Next morning was bright and pleasant. But, by ten
oclock, the air became close and sultry, great heavy clouds rolled
slowly gathering from the south and hung about the hills, and the
slight breeze died away. We were in for a storm; no doubt of it.
However, any weather should do for putting tackle in order; so when
breakfast was over, we soon had the large table littered from end to
end with casts, flies, thread, and cobblers wax.
By-and-by it became too dark for operations; a flash
of lightning, followed by the rumbling of distant thunder, told what
was coming. Nearer and nearer sounded heavens artillery, and the
storm was upon us, bursting overhead with torrents of rain.
Fred, are you frightened at thunder? I asked.
Not the least.
Then we might open the windows. A Highland
thunderstorm is worth looking at.
Yes, yes, was quickly replied.
And we threw the windows right open to witness a
truly grand sight. The torrents of rainthe gloomy, restless-looking
cloudsfrom which the pale forked lightning zigzagged among the
mountain-tops, while the thunder crashed overhead, and growled and
rumbled away in distant echoes through the clefts and corries of the
glen; but the storm passed quickly, and, although it continued to
rain for some time, there was now light enough to go on with the
"While Ward was overhauling my hook-book, he got hold
of an absurd Irish fly, with sea-green body, golden wings, and a
tail like a fan. This world of art he handed to me, declaring he
should use that one in particular.
Bah! I said, you will only frighten the fish.
Why, you agreed that these Irish flies often worked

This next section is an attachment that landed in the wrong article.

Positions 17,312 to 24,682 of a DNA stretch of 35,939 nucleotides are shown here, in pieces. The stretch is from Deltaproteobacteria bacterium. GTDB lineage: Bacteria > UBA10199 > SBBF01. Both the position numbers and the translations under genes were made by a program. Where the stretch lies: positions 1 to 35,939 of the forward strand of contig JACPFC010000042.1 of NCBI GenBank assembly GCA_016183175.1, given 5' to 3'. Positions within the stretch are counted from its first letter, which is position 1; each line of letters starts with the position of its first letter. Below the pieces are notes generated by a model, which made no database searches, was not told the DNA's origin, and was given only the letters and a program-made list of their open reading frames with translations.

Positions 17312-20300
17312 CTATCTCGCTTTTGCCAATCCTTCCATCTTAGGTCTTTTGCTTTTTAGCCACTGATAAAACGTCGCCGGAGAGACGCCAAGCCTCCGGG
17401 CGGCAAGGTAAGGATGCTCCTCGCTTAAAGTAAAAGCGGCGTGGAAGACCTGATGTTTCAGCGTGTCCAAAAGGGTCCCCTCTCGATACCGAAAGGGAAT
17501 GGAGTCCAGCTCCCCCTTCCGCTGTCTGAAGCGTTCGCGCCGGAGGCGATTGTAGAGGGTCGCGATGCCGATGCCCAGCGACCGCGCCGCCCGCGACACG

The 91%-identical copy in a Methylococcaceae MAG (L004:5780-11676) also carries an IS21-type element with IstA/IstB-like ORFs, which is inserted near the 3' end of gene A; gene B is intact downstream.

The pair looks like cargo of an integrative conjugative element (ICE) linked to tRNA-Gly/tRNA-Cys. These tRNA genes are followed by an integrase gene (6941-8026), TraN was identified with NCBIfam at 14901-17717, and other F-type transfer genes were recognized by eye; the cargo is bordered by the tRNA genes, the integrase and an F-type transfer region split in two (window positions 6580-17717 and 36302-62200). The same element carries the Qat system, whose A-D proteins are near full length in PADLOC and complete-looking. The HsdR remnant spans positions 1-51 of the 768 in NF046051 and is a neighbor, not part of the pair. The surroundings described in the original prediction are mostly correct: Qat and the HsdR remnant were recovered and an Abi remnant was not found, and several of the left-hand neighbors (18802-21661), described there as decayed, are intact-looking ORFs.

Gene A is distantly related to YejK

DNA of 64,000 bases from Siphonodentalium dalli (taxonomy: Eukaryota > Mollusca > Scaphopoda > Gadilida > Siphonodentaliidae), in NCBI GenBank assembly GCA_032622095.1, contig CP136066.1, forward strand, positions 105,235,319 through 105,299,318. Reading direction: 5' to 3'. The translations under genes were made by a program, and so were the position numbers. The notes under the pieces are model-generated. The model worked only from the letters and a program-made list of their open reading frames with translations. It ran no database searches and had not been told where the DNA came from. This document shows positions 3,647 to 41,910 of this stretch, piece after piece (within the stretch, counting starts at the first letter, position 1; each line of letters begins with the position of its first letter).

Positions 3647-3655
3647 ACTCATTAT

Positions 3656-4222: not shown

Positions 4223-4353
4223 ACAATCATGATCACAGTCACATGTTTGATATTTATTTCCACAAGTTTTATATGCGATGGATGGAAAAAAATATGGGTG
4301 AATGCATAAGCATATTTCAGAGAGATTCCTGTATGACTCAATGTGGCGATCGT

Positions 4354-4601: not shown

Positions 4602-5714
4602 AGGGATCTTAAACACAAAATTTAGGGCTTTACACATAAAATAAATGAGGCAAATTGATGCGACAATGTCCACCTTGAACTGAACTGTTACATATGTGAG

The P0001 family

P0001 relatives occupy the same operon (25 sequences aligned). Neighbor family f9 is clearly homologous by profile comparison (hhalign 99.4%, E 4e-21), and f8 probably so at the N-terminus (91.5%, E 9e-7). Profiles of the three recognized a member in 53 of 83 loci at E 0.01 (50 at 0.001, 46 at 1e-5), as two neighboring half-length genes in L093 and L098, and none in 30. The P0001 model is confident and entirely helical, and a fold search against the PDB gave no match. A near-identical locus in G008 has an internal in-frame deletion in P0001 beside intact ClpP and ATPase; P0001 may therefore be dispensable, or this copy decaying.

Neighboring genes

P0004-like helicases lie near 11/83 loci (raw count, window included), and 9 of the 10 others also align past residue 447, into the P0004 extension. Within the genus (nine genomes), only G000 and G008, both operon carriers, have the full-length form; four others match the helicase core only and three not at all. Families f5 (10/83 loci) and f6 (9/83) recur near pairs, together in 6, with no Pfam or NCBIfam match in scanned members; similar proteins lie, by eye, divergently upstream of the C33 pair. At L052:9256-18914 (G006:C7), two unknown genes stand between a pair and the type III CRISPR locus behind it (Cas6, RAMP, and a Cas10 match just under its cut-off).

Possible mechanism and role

"Then try it; it can do no good, however much harm.
You are sententious to-day, Abbott.
Do then forgive me, like a good fellow, and
translate my meaning into parliamentary language.
Ward laughed, and said that, instead of a curt do no
good, and may harm, would it not be more polite to have remarked,
Mr. Ward, the lure which you propose to use cannot, under the
circumstances of its unnatural brightness and your inexperience, be
productive of beneficial influences; but, on the contrary, may be
the cause of disaster and deleterious operation throughout the
length and breadth of our sporting river?
Ha, ha! What a park of wordy artillery to demolish a
Still, ridiculous as it seems, the sort of style is
often used in private, and it is absolutely necessary in public
speeches, in which people are used to having their parish pumps
compared with the pyramids; and rather like it, he sneeringly
Yet the men are not individually donkeys, although
they may applaud.
A peu de chose pres; but how do you fix these knots
so nicely on the casts?
Oh! thats the sailors knot; shall I teach you?
And Ward mastered the sailors knot, which afterwards
saved him some trouble, and, probably fish.
By two oclock the day had cleared up; but it wag too
late to fish the river, which, besides, would likely be discoloured
with the rain; so it was agreed that the Major and I should ride the
ponies to the loch, and help the launching of the new boat that was
to be sent on to-day. Ward and Fred resolved to fish the burn.
On crossing the hills to the loch we saw a good deal